Russia sends 700 expert snipers to Ukraine border as Putin warns Nato back off or face a ‘nightmare’ sparking WW3 fears.
The move comes amid deepening tension over Western fears Vladimir Putin is plotting an imminent invasion of his neighbour.
It came as Kyiv’s defence minister Oleksiy Reznikov said intelligence indicated a possible Russian invasion in late January.
But the Kremlin has said Ukraine’s desire to retake Crimea is “direct threat”.
Three of the four regions with the giant sniper exercises share borders with Ukraine.
More than 700 sharpshooters are being schooled in camouflage of firing positions and countering the enemy.
A Russian military spokesman said: “Servicemen from the sniper units of the Western Military District’s combined army have begun to conduct large-scale exercises as part of a training camp in Voronezh, Belgorod, Bryansk and Smolensk regions.”
The snipers are also exercising in both long distance shooting and hand-to-hand combat.
Interfax news agency reported that the sniper drills come as Nato has expressed concern at the continuing build-up of Russian troops close to the border with Ukraine.
The Kremlin had “dismissed” this and expressed its own concern about “provocations” by Ukraine’s armed forces on the frontline of Donetsk and Luhansk, the two pro-Russian separatist regions.
Earlier Russian foreign minister Sergei Lavrov warned: “The nightmare scenario of military confrontation is returning.
“The architecture of strategic stability is rapidly being destroyed, Nato refuses to constructively examine our proposals to de-escalate tensions and avoid dangerous incidents.”
A senior Moscow senator Vladimir Dzhabarov has warned that Russia may send in its troops to support half a million Russian passport holders living in these two rebel held regions, also known as Donbas.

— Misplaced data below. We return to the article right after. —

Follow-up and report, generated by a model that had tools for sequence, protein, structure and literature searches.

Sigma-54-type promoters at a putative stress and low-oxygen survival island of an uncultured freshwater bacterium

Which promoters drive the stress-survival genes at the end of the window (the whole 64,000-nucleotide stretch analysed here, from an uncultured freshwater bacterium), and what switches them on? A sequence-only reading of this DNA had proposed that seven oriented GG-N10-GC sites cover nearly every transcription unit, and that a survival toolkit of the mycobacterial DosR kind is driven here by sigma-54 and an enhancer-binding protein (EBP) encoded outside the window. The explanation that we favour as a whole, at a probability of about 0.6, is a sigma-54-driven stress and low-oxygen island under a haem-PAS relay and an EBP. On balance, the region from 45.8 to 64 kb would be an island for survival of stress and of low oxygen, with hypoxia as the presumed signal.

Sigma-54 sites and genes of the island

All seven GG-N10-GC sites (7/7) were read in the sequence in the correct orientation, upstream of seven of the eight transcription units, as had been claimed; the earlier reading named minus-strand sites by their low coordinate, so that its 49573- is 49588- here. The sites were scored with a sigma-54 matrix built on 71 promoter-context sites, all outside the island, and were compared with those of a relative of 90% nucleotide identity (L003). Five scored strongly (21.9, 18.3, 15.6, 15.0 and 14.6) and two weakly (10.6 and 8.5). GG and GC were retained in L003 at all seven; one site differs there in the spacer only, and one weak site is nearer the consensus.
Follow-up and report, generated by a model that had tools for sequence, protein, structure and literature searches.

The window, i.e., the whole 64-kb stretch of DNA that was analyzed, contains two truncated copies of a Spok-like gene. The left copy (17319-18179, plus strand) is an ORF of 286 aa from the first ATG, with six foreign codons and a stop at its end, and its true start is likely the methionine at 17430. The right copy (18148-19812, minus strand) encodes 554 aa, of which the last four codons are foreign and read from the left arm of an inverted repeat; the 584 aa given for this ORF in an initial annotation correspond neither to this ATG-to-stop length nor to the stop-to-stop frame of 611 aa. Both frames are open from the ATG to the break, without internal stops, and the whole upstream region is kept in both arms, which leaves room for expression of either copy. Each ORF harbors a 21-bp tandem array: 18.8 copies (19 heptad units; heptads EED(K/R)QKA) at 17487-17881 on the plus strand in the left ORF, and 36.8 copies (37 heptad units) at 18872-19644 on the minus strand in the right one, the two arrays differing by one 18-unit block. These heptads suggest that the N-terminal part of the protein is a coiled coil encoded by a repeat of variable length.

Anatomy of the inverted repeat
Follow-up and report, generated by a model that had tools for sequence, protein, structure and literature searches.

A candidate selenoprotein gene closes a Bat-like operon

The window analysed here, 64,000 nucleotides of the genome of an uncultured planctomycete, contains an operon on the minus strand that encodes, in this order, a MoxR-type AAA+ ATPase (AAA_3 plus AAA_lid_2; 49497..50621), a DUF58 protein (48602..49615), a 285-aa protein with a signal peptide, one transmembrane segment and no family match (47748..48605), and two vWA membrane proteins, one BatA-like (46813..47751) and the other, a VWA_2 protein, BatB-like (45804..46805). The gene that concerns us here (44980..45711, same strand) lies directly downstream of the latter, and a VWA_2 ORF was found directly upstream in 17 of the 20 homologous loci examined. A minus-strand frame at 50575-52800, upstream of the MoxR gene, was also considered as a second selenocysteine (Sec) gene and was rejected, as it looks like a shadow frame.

Dzhabarov, deputy chairman of the upper house of parliament’s International Affairs Committee, said: “We may look at this matter in the event of a direct appeal, and if there is a threat to the lives of the people.
“Half a million citizens of Donbass [Western Ukraine] have become Russian citizens.
“Of course, we cannot abandon our compatriots.”
He added: “I hope it doesn’t come to that, and that it will be possible to resolve this matter in some kind of peaceful way after all.”
Russia claimed today its radars had tracked over 30 foreign spy planes near its borders in the past week.
Tensions between Ukraine and Russia have been escalating over recent weeks, with Moscow having massed troops within striking distance of its neighbour’s borders.
Vladimir Putin has also ordered US officials to leave Russia immediately amid fears he plans to order an invasion of Ukraine, before the end of January.
Ukrainian President Volodymyr Zelensky said in parliament that Crimea — which Moscow seized in 2014 — was Ukrainian territory and Kiev’s goal was to ‘liberate’ it, focusing on diplomatic solutions.
Speaking in parliament, Zelensky said that the return of Crimea should be the main goal and philosophy of Ukraine.
He said: “We see this as a direct threat to Russia.
“Such wording of course means that the Kiev regime intends to use all available means — including force — in order to encroach on a Russian region.
“This is how we are leaning towards perceiving it.”
US intelligence reportedly supports the assessment that Russia is preparing for an invasion of Ukraine.
Russia is said to have deployed close to 100,000 troops, with tanks, artillery and ballistic missiles near the border, while Moscow insists it has no intention to invade.
They have also accused Ukraine and its Western allies of falsifying the claims to cover up their own aggressive intentions.
Russian authorities also reported that its FSB counter-intelligence service detained three Ukrainian spies gathering information about ‘strategic facilities’ and were planning a ‘terrorist attack’.
Peskov said: “The likelihood of hostilities in Ukraine is still high. This remains a matter of particular concern and worry for us.
“NO CONCERN TO ANYONE”
US Defence Secretary Lloyd Austin today said that an invasion of Ukraine would be met with a response, while US secretary of state Anthony Blinken warned of ‘high-impact sanctions’.
Austin said: “Whatever we do will be done as a part of an international community.
“The best-case though is that we won’t see an incursion by the Soviet Union into the Ukraine.”
Austin also declared any US response to Russia’s actions towards Ukraine would be carried out in conjunction with the international community.
Blinken has warned Moscow to pull back its troops from the border, saying a Russian invasion would provoke sanctions hitting Moscow harder than ever.
Source:- The Sun